• On May 31, 2011, the United States Supreme Court invited the Acting Solicitor General to file a brief articulating the Government’s position on whether the U.S. Court of Appeals for the Third Circuit properly dismissed a putative class action lawsuit against various cell phone makers, wireless service providers, and related trade associations for failing to protect consumers from cell phones’ allegedly harmful radio frequency emissions. In its October 2010 decision, the Third Circuit concluded that such suits, based principally on state-law tort claims, were preempted because the FCC “is in a better position to monitor and assess the science behind RF radiation than juries in individual cases.” Farina v. Nokia Inc., No. 10-1064.
  • On May 20, 2011, the US District Court for the District of Maryland refused to dismiss the State of Maryland’s Telephone Consumer Protection Act (TCPA) lawsuit against various parties that participated in “political robocalls” last Election Day, November 2, 2010. Parties affiliated with Republican challenger Robert Ehrlich Jr.’s campaign retained Robodial.org, which auto-dialed over a hundred thousand registered Democrats to give the following pre-recorded message: “Hello. I’m calling to let everyone know that Governor O’Malley and President Obama have been successful. Our goals have been met. The polls were correct and we took it back. We’re okay. Relax. Everything is fine. The only thing left is to watch it on TV tonight. Congratulations and thank you.”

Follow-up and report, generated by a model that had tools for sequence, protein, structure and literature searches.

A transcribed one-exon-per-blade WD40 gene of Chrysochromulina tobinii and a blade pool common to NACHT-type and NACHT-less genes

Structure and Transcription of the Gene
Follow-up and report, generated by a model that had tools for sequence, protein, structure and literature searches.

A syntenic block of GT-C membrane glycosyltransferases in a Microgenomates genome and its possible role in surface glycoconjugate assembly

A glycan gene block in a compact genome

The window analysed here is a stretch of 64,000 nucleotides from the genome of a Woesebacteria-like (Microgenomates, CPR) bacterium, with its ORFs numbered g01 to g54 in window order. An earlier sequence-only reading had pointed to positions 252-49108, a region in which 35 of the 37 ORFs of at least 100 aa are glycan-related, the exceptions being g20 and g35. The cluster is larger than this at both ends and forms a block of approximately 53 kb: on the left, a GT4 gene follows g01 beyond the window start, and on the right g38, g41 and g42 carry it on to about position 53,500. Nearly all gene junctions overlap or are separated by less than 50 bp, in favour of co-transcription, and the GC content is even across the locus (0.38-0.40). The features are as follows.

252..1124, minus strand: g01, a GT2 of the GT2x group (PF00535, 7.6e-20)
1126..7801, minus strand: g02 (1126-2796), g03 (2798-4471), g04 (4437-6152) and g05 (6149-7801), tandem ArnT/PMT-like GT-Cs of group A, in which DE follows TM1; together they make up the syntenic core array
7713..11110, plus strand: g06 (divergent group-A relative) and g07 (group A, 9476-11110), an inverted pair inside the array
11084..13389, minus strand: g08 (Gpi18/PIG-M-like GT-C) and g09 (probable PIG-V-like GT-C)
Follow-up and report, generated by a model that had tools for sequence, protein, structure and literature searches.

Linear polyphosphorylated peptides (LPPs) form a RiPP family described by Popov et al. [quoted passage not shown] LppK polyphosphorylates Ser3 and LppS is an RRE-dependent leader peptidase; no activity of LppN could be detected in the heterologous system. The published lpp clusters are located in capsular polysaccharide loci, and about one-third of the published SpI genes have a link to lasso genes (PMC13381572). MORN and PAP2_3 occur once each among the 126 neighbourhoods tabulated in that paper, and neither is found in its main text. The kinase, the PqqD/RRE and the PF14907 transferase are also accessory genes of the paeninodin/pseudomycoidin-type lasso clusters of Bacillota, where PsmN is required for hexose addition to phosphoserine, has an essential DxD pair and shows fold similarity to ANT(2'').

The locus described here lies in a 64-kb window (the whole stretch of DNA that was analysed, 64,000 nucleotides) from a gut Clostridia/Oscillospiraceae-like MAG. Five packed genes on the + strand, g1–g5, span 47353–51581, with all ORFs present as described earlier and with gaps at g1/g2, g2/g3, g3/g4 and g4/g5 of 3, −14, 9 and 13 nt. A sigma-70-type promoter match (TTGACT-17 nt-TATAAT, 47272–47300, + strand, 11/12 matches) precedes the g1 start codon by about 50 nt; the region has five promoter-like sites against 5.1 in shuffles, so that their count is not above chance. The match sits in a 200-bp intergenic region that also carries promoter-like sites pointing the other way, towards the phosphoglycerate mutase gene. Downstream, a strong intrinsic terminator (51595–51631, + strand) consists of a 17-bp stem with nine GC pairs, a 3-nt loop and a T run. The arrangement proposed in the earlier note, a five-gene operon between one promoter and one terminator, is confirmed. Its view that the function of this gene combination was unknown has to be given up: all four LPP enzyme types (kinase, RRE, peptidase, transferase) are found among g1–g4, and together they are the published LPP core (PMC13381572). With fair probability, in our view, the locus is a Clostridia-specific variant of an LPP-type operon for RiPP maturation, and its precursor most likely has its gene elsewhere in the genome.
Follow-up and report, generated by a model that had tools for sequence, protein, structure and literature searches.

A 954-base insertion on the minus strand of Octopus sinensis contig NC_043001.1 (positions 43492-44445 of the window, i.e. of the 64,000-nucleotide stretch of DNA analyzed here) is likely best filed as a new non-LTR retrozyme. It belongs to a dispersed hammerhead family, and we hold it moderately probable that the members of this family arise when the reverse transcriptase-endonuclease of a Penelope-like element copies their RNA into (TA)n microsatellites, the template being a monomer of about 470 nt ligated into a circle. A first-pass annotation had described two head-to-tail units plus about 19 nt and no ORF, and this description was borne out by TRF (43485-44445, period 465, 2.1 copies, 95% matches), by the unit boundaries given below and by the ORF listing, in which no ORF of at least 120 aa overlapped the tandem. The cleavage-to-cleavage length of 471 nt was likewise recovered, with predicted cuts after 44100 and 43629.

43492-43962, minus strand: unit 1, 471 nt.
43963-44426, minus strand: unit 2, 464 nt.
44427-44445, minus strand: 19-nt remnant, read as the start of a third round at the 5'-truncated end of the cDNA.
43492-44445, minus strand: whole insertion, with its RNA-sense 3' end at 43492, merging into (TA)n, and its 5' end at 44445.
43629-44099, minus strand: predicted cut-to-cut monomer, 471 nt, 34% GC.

The State claims that the calls violated TCPA, because they did not identify who was making the call, on whose behalf the calls were made, or the caller’s telephone number or address. The defendants moved to dismiss the suit on the grounds that TCPA is unconstitutional as applied, and that the calls fell within the “not made for a commercial purpose” exception in the statute. The federal court denied the motion, finding that the exemption for non-commercial calls under one section of TCPA did not excuse their failure to follow the other TCPA disclosure requirements. The court likewise rejected the constitutional arguments, finding that TCPA is content-neutral and thus does not “place greater restrictions on the speech of the defendants than those placed upon anyone else using an automatic dialer.” State of Maryland v. Universal Elections, Civ. No. 10-3183 (D. Md.).